In a market now flush with pink wines, the best and most intriguing bottlings must not only refresh one’s palate but also speak of its grape variety and region in order to set themselves apart. In the best Bandol rosés for example, one can taste the wild edge of the Mourvèdre grape that sets this tiny village’s wines apart from the rest of the region’s primarily Grenache- driven cuvées. In sub-alpine Piedmont, home to two of Italy’s most revered wines–Barolo and Barbaresco–one can assuredly make more bottling traditional Nebbiolos than rosé versions. Nonetheless, these folks need something light and refreshing to drink in the summer just as we do! The Manzone family has been crafting traditional Piedmontese wines since 1843 and their Langhe Rosato is a real treat. The resulting Nebbiolo rosé is fresh and alive with serious varietal character.


Manzone’s Rosato is dark and deep in the glass with aromatics of dusty red cherries, orange marmalade, and roasted herbs. On the palate, you’ll find notes of juicy tangerine, chalky minerals, and rose petal. You’d be forgiven for taking this one for a light red at first glance, but it is definitely at its best drunk cool like a serious white. Drink it all on its own or, even better, try it with a Savory Dutch Baby.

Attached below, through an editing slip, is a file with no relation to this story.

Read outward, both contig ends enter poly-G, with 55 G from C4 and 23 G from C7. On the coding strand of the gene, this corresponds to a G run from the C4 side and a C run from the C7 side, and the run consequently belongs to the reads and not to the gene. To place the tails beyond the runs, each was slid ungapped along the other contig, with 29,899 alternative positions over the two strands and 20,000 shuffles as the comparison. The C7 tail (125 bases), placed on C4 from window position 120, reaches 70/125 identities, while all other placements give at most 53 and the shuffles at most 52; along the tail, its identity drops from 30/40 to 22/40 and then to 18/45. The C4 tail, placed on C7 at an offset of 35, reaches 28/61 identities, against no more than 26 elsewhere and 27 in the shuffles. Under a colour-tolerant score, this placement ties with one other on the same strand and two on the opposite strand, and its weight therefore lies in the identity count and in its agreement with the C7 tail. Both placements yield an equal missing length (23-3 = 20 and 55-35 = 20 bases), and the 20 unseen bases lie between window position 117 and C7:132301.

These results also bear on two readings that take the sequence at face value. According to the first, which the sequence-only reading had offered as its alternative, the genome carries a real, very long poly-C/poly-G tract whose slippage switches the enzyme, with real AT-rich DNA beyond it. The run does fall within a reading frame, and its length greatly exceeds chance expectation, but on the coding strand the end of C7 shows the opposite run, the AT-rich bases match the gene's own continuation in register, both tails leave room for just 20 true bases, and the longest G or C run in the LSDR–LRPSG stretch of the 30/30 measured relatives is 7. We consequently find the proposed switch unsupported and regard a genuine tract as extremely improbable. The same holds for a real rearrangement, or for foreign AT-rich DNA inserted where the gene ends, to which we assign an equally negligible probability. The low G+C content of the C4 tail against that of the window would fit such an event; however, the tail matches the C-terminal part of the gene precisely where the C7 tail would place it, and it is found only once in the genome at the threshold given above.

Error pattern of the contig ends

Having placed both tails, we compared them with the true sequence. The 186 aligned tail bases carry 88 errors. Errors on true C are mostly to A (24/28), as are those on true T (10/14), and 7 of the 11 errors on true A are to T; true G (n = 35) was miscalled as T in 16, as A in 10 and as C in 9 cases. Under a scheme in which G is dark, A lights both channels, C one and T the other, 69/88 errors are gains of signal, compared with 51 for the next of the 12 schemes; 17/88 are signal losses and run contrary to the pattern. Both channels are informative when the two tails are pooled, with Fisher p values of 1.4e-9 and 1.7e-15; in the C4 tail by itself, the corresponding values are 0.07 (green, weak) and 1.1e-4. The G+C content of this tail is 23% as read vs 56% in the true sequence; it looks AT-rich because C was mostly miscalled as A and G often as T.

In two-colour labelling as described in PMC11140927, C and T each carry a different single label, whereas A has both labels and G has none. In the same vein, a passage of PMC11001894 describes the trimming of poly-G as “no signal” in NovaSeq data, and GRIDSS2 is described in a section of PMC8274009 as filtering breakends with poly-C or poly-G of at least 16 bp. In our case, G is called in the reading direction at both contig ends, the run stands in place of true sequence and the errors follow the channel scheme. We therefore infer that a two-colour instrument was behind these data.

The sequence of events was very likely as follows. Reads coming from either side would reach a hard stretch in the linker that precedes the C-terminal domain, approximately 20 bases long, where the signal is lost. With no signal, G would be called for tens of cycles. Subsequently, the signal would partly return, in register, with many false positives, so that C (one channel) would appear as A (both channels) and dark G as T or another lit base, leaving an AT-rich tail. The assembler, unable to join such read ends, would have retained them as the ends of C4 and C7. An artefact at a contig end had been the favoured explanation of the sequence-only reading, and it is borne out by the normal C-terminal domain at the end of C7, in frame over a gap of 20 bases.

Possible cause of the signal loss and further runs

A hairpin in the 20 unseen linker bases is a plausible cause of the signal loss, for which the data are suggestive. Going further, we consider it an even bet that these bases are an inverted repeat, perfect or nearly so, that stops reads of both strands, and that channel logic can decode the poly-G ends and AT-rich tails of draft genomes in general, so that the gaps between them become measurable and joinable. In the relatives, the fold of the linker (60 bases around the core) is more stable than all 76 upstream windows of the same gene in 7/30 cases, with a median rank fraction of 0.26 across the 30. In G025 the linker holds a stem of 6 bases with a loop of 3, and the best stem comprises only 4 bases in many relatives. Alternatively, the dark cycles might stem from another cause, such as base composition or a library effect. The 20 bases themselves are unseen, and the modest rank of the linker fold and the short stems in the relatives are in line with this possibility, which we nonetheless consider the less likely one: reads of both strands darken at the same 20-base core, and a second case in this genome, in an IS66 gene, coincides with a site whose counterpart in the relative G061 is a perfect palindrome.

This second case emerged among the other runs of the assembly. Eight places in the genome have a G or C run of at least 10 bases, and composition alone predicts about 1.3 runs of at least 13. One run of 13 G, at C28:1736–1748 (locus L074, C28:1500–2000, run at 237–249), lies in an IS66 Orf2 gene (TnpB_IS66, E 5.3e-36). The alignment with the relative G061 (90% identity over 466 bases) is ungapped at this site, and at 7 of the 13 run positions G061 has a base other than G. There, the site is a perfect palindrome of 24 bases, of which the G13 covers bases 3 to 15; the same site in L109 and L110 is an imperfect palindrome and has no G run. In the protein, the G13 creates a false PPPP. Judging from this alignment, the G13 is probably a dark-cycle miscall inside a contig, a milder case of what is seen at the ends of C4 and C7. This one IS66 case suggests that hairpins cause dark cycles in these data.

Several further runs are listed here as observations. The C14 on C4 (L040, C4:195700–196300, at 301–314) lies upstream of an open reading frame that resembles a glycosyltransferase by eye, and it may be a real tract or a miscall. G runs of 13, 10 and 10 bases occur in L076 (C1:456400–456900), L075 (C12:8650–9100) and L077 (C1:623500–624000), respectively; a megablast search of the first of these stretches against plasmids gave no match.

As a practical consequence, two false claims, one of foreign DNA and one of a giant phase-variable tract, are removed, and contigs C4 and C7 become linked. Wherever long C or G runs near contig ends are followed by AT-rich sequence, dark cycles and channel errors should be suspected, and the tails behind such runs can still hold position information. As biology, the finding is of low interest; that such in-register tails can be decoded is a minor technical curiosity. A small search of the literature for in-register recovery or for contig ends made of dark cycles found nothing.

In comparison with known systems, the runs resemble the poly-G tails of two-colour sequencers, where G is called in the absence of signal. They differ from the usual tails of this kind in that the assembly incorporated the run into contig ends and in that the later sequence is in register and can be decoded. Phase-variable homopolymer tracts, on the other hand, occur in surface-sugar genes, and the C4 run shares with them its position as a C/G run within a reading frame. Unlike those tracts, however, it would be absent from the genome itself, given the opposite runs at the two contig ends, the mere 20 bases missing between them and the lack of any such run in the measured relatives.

Nebbiolo is often compared to the world-famous Burgundian grape that we all know well–Pinot Noir. Like great Burgundian Pinot, classic Nebbiolo wines offer up dynamic aromatics and flavors of rose petal, tobacco, blood orange, violet, and earth. These two grapes are capable of producing wines of incredible finesse and delicacy, while still having intense concentration of flavor. Nebbiolo sets itself apart, however, with its serious tannic character. With only limited contact with the skins, this rosato has only a gently tannic, grippy structure, yet it presents itself more strongly than mose rosés. As with most rosé, this rosato spends all its life in stainless steel and is bottled quite young to preserve freshness.